Happy New Year, MindSite News readers! Today we’re starting the year with a combined MindSite News Original and Daily News edition of the newsletter. Our MindSite News Original is an essay that many people will find disturbing – because it is. It’s a story about a school discipline practice that some of you may never have heard of: paddling – a form of corporal punishment – in U.S. public schools. As a warning, this story contains graphic descriptions and images of child abuse.
In states where it is legal, teachers can hit children as young as three with a wooden board. Black children, disabled students and boys are most likely to be hit. In a first-person article by MindSite co-founding editor Diana Hembree, she shares some memories of school paddlings, a practice that left emotional scars – and fueled her lifelong commitment to expose abusive practices directed at children. Here are some thoughts from her about the story.
Decades ago, my colleague, MindSite News Founding Editor Rob Waters, and I were sent by a Time Inc. magazine to look at the impact of corporal punishment in U.S. schools. In a four-month investigation of federal and state data, court and hospital records, newspaper clippings and in-person interviews in eight states, we found that hundreds of thousands of children from 5 to 18 were being whipped, hit, beaten and paddled on the buttocks for reasons that included talking, drawing, getting a bad grade, dropping a pencil or turning around in their seat. In some instances, principals used baseball bats or electric cattle prods.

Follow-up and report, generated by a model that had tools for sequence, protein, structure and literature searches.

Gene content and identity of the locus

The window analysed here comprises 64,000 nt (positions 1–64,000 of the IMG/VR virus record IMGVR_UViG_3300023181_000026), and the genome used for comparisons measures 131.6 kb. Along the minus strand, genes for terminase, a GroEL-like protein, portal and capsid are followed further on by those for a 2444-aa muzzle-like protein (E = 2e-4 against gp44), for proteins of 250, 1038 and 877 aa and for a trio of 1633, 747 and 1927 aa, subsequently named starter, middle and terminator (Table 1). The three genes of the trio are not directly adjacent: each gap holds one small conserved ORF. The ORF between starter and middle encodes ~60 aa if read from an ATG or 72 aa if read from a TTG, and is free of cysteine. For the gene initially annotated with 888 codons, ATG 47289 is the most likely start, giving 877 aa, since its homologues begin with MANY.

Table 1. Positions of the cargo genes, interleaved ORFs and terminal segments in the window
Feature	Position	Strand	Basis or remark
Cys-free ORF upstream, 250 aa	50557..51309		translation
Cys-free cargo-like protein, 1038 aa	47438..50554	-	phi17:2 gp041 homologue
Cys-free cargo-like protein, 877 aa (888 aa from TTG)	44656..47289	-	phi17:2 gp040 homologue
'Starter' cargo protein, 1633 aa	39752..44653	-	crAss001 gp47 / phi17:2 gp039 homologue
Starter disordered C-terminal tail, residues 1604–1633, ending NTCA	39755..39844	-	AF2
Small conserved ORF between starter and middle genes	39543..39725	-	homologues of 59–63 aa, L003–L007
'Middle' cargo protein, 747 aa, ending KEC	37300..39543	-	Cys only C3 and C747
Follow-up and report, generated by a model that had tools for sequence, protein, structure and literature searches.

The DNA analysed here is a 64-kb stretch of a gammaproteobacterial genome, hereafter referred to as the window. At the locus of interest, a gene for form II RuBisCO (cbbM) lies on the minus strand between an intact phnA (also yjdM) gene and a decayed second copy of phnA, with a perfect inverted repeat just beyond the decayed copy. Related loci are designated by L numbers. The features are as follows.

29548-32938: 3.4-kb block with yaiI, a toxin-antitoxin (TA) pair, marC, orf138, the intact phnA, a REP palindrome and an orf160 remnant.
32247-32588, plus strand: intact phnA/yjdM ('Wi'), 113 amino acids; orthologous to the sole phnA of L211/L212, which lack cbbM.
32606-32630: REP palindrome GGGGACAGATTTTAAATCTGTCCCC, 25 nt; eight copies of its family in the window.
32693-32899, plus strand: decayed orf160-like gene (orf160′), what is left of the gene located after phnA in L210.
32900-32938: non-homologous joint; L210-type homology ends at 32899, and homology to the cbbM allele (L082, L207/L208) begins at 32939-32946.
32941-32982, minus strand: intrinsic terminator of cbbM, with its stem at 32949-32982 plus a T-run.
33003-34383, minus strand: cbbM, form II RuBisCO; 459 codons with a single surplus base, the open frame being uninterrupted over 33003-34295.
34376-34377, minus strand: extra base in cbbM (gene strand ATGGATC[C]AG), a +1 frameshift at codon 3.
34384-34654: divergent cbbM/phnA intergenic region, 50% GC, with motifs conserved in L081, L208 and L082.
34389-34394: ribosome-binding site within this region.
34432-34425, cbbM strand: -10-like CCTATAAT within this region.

In our stories, published in Time Inc.’s Parenting and Hippocrates magazines, we documented many cases of severe bruising and contusions, and in rarer cases, broken bones and persistent pain. But the psychological scars were still greater, with parents reporting their children’s terror, depression, post-traumatic stress disorder, suicidal thoughts and suicide attempts in students as young as 6. Because today, school paddlings are still legal in 19 states – including Alabama, Arizona, Georgia, Mississippi, Texas, Idaho, Indiana and Wyoming – and new injuries are occasionally reported in the media, I decided to finally share my own memories of corporal punishment at school. I do so in the hope of drawing more attention and action to one of the most unconscionable forms of child abuse in our time – and one that MindSite News will continue to report on in the coming year.
Suicide prevention program aims to reduce stigma among Muslims
Suicide is prohibited in Quranic verses and Hadith, making it harder for Muslims who feel suicidal to reach out and get help, according to a commentary by two Muslim scholars in USA Today. The need for help, however, is clear: American Muslims are twice as likely as any other religious groups to attempt suicide, according to a recent study in the Journal of the American Medical Association. The combination of Islamaphobia and gender discrimination was especially potent, raising the risk of suicide attempts by 180%, the study found. The authors, who were among the study’s investigators, have worked with the Stanford Muslim Mental Health & Islamic Psychology Lab to build a suicide prevention training being offered by a community-based organization, Maristan. The group is also seeking to train 500 U.S. Muslim religious leaders in suicide prevention through its 500 Imam Campaign. “Effective suicide prevention in Muslim communities…requires a solution that is medical and spiritual,” the authors say.
A year after Jan. 6, Capitol police struggle with morale, mental health challenges